Martha Beck’s Formula for Reversing Bad Fortune (As Applied to Chronic Illness)

Carie ShermanBy Carie Sherman

It’s been a rough couple of months as it relates to my health. Nothing serious–thank goodness–but annoying nonetheless.

I’ve been sick with acute illnesses (shingles and strep throat) as well as the “same old same old” (big-time fatigue and fibro-pain top my complaints). On top of that, it’s summer, and I’m one of those “live for summer” types who hates being stuck inside. I’m so anxious to feel well.

But since I don’t, I’m thankful to have read an article by Martha Beck in the most recent issue of Oprah magazine. She’s a life-coach who uses humor, self-deprecation, and a fine writing style to discuss various topics of enlightenment. This article, Reversal of Bad Fortune, describes how we can use our experiences in one of two ways: As a catalyst for hopelessness or a catalyst for growth.

I can’t recall the last time I felt well physically. And despite my best efforts, it’s wearing on me mentally. Clearly I need help weathering my “accident.” So I decided to use her formula. And though publishing this will make me feel more exposed than Janet Jackson at the Superbowl, I’m sharing it with the hopes it makes someone else feel better, too.

What follows is the example Martha used of her friend who experienced a serious, life-changing car accident as well as my own assessment.

Martha Beck’s Accident Formula

First, write down the pertinent info about your “accident.”

Annette wrote: “I was crossing an intersection when a driver, high on meth, ran a red light and hit me at 70 miles per hour. My car rolled three times and stopped with me hanging upside down. I was able to call my husband, and help came right away.”

I wrote: Just after the birth of my first child and the beginning of a new career as a freelance writer, I was diagnosed with an incurable chronic illness.

Next, isolate the key components of the above statement.

Annette wrote: 1) Intersection. 2) Meth addict. 3) Red light. 4) 70 miles per hour.

I wrote: 1) Birth. 2) Child. 3) Writing career. 4) Diagnosed. 5) Incurable chronic illness.

Third, pretend you are each component of your accident. Use free-association and talk about yourself as if you were the individual component.

Annette’s first word was “intersection.” She said: “I’m a crossroads, a place where Annette can make an important choice.” For the word “driver,” she said “I’m a speeding driver, high on meth. I’m the insanity of humans and of the world. I’m here to teach Annette not to be afraid because fear is useless.” So on and so forth.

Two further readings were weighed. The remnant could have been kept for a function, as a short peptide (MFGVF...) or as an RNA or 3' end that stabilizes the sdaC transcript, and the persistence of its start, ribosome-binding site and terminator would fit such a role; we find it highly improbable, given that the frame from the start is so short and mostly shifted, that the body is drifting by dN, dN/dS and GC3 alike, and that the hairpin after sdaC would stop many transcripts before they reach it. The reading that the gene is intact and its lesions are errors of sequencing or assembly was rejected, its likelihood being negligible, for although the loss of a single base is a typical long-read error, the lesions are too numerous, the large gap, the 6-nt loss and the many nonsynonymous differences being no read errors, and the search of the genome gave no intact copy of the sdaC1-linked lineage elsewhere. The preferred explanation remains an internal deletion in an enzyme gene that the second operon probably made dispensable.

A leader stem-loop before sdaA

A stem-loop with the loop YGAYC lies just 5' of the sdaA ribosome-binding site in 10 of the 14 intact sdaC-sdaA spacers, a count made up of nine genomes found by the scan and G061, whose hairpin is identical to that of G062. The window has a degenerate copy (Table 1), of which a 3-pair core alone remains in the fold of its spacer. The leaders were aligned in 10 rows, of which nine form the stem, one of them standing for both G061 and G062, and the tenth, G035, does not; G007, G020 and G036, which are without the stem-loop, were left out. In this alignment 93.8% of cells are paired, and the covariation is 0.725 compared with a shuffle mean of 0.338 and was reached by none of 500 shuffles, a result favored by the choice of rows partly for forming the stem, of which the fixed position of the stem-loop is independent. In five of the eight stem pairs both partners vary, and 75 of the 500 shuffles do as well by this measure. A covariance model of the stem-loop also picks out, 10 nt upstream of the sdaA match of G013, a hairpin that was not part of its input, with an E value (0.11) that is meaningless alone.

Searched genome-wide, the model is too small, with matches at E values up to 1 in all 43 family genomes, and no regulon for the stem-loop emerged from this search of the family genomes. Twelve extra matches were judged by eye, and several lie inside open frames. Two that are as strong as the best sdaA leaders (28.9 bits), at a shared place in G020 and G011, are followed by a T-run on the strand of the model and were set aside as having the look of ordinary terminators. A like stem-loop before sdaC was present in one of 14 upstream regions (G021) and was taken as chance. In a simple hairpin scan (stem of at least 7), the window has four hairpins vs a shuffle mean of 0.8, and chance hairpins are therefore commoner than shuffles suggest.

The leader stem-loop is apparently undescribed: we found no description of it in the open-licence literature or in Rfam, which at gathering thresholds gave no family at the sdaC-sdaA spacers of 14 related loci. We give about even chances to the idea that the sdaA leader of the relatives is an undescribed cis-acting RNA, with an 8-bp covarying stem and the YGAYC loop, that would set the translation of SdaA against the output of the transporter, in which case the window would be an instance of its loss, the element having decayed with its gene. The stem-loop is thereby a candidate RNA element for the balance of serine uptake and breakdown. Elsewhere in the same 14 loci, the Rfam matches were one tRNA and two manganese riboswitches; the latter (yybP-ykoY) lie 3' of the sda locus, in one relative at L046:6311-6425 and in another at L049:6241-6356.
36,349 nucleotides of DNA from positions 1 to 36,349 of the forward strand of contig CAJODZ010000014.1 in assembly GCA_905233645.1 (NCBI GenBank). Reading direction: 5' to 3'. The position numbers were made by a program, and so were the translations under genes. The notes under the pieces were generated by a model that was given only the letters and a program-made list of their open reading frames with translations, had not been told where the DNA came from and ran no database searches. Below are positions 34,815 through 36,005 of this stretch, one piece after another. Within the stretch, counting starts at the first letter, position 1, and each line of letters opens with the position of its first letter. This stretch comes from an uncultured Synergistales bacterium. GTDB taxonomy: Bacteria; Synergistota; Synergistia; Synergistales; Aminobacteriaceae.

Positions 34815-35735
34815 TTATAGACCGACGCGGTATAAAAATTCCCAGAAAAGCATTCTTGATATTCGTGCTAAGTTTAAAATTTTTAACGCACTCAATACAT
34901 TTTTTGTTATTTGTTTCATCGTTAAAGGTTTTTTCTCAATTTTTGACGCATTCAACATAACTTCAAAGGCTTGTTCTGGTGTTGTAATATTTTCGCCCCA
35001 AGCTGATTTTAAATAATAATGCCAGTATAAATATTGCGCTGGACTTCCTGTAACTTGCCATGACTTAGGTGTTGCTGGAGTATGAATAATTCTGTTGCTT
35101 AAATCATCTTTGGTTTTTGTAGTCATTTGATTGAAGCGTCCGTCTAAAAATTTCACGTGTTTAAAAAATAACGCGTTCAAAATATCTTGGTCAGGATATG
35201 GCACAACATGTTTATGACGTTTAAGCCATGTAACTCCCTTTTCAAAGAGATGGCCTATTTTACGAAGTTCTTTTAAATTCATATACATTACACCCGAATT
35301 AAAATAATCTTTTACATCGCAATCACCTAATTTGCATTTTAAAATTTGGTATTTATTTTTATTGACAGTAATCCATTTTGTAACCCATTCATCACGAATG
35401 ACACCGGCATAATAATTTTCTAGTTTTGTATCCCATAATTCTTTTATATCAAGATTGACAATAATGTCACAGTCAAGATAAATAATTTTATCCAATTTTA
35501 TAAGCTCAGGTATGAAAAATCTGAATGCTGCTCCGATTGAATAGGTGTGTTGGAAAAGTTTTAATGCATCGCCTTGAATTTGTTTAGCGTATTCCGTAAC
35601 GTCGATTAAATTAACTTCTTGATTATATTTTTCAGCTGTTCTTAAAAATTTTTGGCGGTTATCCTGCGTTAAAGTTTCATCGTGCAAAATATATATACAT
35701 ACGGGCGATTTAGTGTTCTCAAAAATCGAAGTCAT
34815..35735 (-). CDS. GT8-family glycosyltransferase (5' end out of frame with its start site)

I’ll admit it–this part was hard. And I’m not sure if I did it correctly. But here’s what I wrote:

1) Birth. I’m the beginning of a new life. In life there are highs and lows.

2) Child. I am a child. I am a new life. I’m learning to navigate a new world with the help of many wonderful people.

3). Writing career. I’m a writing career. I’m flexible. I’m creative. I’m challenging and fun. I’m an opportunity to learn. I am filled with rejection, yet joyful with acceptance.

4). Diagnosed. I am a diagnosis. I am a suggestion of what is. I am not a definition.

5). Incurable chronic illness. I’m a chronic illness. For Carie, I am not a death sentence. Yet I am difficult and challenging and require change. I am here for the long haul. Carie can learn to live with me or fight me. I require a focus that Carie has never before had. I require Carie to focus on what’s most important.

Finally, read your original description again and incorporate the meaning you’ve created through the free association exercise.

Annette discovered this: “The story of her accident turned out to be a pivotal moment when she could choose to release her fear of death and go on with greater serenity.” Martha says, “Actively choosing to look for meaning in her accident left her happier and more vibrant; seeing it as meaningless would have caused her to contract in terror.”

And here’s what I learned: Even though I’ve spent the better part of this week moping around because I can’t raise my arms above my shoulders, this process helped me remember what’s positive about my illness. (Which is some feat, given I’ve complained to my husband at least once an hour about how miserable I feel.)

My “accident” (aka, my health issues) requires new beginnings. I can choose to fight my new reality, or I can learn to accept it with the help of my support network. It reminds me that life is challenging and constantly changing, and if I hadn’t gotten sick, I might still be focused stuff that’s not important (like an unfulfilling career that would have required far too much time away from my little girl). My life has changed. And during weeks of pain and uncertainty, it’s bound to be frustrating and depressing. But it’s not hopeless.

Thanks, Martha Beck, for the much-needed perspective.

I hope you found some, too.

What helps you? Leave a comment below.


Before You Complain About Your Doctor(s), Again…Please Read

Carie ShermanBy Carie Sherman

I spend a lot of time with doctors.

For more than a decade, I have written for physicians and count many as clients. In fact, earning the respect of my physician clients has been one of my greatest achievements as a writer.